Ontario Police Watchdog systemic review of the Thunder Bay Police Service
Update: CBC reports that Gerry McNeilly, Ontario’s Independent Police Review Director, hosted a three-hour-long public meeting, which an estimated over-250 people attended in Thunder Bay on Monday, September 25, 2017.
McNeilly says he still expects to have the findings of his probe into allegations of systemic racism in the Thunder Bay Police Service completed by next spring, even though he’ll likely be gathering more input from city residents.
CBC further reports that the timing is poignant. On Saturday, the body of a 21-year-old Indigenous man — later identified as Dylan Moonias — was found in the Neebing-McIntyre Floodway. Four months ago, two teenagers, 17-year-old Tammy Keeash and 14-year-old Josiah Begg, were found in different parts of the same waterway.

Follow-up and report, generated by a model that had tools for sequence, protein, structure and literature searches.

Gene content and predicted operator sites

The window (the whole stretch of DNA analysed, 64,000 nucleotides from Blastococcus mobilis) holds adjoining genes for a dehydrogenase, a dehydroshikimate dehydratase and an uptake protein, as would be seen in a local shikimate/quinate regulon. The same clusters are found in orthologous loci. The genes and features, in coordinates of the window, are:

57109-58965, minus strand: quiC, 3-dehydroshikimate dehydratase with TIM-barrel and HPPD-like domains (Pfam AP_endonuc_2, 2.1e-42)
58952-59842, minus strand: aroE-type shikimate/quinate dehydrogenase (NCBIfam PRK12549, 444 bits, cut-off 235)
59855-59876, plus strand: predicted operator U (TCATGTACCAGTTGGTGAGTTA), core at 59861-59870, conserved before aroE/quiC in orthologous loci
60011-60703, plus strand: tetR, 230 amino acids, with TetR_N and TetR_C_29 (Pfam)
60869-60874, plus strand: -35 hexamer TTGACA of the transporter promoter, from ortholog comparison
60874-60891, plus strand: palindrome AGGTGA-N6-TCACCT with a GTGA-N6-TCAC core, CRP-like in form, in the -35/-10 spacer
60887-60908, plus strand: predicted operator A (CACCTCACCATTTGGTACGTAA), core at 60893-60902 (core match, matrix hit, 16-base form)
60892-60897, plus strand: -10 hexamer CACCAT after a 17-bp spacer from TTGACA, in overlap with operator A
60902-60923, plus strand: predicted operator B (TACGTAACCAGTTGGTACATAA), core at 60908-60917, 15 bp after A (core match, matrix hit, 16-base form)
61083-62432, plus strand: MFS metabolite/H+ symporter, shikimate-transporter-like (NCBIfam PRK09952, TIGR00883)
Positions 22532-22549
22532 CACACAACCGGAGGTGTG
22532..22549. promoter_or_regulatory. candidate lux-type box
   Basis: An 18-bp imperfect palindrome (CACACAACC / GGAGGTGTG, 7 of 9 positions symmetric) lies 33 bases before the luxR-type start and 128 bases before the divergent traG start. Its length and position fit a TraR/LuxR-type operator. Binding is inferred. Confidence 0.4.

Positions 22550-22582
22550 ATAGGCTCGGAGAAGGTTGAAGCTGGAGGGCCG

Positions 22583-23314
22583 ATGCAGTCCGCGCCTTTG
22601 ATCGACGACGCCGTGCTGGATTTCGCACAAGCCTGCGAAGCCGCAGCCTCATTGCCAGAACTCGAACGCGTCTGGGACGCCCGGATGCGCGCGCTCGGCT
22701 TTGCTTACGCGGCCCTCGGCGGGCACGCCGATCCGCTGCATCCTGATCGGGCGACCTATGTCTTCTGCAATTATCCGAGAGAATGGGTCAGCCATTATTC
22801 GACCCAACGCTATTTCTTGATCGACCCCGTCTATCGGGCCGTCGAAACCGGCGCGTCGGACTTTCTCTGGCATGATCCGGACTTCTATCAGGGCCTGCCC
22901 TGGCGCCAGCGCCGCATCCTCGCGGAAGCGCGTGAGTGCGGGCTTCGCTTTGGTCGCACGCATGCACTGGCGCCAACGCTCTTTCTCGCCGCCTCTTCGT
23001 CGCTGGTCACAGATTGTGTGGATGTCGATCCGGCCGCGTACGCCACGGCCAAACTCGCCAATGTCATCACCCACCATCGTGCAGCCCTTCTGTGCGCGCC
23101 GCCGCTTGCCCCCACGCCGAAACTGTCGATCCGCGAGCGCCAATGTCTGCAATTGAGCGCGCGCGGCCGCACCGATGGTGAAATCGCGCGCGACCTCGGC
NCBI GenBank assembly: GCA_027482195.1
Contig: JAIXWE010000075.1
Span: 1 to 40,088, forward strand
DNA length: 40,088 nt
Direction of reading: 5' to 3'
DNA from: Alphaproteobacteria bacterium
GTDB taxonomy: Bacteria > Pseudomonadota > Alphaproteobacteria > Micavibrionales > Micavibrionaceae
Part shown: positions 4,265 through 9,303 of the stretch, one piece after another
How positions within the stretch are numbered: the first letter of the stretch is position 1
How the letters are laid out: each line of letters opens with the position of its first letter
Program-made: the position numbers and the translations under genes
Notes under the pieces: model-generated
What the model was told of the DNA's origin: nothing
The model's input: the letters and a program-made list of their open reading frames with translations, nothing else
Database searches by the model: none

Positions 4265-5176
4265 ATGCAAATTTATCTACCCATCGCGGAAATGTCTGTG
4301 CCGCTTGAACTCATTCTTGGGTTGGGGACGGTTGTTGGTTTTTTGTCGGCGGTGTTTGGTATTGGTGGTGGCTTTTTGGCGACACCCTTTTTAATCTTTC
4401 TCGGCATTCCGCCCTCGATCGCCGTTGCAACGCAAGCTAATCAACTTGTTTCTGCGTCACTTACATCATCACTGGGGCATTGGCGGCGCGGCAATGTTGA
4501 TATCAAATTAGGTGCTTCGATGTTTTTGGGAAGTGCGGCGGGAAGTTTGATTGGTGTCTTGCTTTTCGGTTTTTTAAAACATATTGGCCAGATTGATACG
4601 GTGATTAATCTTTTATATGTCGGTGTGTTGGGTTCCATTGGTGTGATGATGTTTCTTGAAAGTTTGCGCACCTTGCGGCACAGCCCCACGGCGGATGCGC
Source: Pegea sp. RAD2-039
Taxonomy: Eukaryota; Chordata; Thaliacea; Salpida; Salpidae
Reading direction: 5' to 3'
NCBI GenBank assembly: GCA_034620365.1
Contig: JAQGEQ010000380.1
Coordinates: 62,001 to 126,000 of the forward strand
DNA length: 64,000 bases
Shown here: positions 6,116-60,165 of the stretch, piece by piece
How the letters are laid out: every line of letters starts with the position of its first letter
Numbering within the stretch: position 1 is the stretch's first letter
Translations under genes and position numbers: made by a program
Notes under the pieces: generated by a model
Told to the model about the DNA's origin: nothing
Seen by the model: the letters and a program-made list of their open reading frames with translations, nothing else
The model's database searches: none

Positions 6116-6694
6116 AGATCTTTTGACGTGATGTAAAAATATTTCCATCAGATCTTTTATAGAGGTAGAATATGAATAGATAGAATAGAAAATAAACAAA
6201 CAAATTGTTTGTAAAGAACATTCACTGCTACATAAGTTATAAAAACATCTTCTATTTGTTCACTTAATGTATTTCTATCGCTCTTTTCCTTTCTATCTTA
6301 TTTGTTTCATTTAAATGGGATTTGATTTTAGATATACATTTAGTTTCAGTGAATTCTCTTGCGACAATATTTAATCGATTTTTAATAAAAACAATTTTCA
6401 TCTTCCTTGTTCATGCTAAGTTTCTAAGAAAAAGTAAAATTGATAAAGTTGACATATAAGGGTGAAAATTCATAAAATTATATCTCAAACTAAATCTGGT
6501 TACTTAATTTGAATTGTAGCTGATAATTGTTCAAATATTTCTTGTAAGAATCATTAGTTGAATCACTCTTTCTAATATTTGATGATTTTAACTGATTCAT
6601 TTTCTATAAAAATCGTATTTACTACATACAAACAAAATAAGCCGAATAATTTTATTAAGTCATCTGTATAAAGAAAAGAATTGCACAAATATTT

The unprecedented investigation of the TBPS was launched on November 3, 2016. The systemic review by Ontario’s police watchdog was prompted by complaints that the drowning death of Stacey DeBungee in 2015, was too quickly deemed non-criminal by police. Falconers LLP represents the DeBungee family and the Rainy River First Nations community.
In The News
Ontario police watchdog says review of Thunder Bay force to be complete by spring CBC, September 26, 2017,
Police identify deceased 21-year-old man found in Neebing-McIntyre Floodway CBC, September 26, 2017
Probe of Indigenous deaths should extend beyond Thunder Bay, leaders say Toronto Star, September 12, 2017
Almost 40 Thunder Bay police investigations being reviewed by watchdog group CBC, September 12, 2017
Almost 40 death investigations are being re-examined in Thunder Bay Toronto Star, September 11, 2017
OIPRD to hold public meeting in Thunder Bay, Ont. CBC, September 11, 2017
Public meeting announced for review of Thunder Bay Police tbnewswatch, September 11, 2017